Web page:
As the editor of a magazine I often am privy to all kinds of fascinating information, some of which, for various reasons, never comes to the attention of the general public. Make no mistake, the power of the press by no means is to be taken lightly. By filtering information—choosing what to run and what to kill; where, when and how often to run a story; whom to quote and whom to ignore, etc.—we in the media can make or break a career, a business, even a country. We can cast an entire ethnic group in a positive light just as easily as we can make it synonymous with any and every social scourge we choose. Witness, for example, the plethora of media references to young Black males in America as “an endangered species,” or “an embattled species” or “an embittered species,” often followed by incarceration statistics.
“They beat you over the head with it so much that you risk buying into it. Maybe that’s just what they want you to do,” one young Black male in America mourned.
In a country where such power is protected by a doctrine of inalienable right—freedom of speech, the public’s right to know, and so forth—the optimists among us expect the innate decency of human beings to take over and give us that which is just. Not that which is “right,” which is based on manipulated references, but that which is “just,” which is based on the purity and innocence of a higher law.
It is especially because we so often are disappointed in that expectation that The Network Journal has made a point, for the last nine years, of bringing to our readers each June the amazing stories of 40 African-Americans who have not yet reached the age of 40. These Black men and women are high-level achievers in the public, private and nonprofit sectors of the U.S. economy. So inspired have we been by the willingness of these achievers to strike hard and sure to reach their goals, as the late philosopher-economist-entrepreneur-writer Marcus Garvey exhorted in his poetry, that we adopted those very words as the magazine’s motto: “Striking Hard, Striking Sure.” We used it for the first time when we presented our 2005 class of 40 Under-Forty achievers.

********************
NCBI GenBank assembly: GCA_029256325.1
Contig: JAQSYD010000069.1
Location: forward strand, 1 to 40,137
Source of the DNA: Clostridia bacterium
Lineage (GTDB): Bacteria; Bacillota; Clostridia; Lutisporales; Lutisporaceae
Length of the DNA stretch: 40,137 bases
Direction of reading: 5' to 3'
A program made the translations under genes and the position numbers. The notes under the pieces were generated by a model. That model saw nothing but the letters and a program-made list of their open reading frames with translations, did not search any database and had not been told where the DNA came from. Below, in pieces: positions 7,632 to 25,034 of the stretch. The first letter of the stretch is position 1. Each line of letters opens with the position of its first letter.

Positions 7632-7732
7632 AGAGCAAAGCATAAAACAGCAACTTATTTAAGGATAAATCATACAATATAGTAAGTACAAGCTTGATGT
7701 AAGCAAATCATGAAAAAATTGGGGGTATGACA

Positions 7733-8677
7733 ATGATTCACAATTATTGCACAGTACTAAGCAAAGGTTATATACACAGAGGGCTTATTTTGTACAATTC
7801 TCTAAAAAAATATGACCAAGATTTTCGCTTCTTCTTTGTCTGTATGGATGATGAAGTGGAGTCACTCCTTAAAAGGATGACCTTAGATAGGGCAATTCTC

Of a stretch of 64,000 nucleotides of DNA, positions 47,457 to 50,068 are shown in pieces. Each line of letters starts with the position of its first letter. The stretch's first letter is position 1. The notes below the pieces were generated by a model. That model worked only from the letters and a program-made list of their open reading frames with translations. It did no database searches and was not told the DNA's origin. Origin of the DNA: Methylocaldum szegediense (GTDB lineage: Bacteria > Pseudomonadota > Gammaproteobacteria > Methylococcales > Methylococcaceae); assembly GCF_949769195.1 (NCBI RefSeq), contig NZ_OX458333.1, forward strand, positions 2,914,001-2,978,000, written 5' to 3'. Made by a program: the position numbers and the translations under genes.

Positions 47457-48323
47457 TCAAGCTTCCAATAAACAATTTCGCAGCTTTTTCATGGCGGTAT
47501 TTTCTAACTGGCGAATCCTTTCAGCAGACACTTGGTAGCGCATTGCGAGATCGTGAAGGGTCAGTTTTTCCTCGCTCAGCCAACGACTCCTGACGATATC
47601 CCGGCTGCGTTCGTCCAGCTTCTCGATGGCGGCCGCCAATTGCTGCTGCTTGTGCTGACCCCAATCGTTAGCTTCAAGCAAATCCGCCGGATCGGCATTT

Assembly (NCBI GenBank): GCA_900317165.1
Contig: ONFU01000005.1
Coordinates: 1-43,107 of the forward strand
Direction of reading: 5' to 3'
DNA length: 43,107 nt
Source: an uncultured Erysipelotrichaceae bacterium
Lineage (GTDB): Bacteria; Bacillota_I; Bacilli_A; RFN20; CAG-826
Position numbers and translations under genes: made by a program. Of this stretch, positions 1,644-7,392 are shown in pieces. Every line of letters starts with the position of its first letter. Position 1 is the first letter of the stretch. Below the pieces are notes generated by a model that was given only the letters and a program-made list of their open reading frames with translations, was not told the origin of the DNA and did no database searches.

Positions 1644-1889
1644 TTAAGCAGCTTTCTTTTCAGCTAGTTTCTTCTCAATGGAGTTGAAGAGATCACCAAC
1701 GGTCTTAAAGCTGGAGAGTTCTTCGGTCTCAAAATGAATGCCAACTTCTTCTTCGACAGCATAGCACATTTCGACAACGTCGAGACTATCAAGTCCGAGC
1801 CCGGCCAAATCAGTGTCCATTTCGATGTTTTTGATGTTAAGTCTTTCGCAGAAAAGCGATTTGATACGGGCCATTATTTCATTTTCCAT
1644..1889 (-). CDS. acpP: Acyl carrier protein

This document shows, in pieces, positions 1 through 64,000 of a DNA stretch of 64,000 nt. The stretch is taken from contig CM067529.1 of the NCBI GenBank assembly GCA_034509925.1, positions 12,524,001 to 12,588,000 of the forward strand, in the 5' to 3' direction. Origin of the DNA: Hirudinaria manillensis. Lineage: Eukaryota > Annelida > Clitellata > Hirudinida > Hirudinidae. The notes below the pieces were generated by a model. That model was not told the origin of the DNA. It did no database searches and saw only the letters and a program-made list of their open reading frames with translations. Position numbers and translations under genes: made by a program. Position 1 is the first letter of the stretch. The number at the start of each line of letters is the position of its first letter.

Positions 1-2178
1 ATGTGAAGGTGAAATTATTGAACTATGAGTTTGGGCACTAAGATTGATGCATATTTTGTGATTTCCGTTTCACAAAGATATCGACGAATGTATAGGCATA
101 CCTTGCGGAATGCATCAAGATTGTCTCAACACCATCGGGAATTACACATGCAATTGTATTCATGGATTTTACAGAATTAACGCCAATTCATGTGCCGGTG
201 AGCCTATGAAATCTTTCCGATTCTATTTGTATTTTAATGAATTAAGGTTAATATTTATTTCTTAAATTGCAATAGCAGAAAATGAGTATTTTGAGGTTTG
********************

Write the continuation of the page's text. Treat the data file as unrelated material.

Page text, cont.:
We take pleasure in parading these men and women before all who read TNJ, knowing that each reader will recount their stories to at least one nonreader. That means the news of these individuals will reach at least 170,000 people, according to our most current readership survey numbers. This is the power of the press, on a humble scale, but power nonetheless. The combination of power—be it the power of the press, money, physical strength, military might, or professional standing—and arrogance is as lethal as it is ugly. It is a thief of peace, a robber of productivity, a purveyor of enmity. It incites nothing good, nothing just.
If all this talk about power and arrogance sounds odd, pay me no mind. I’m just thinking out loud about the times we live in; about some of the powerful people I know; about the way I don’t ever want to be.
By Rosalind McLymont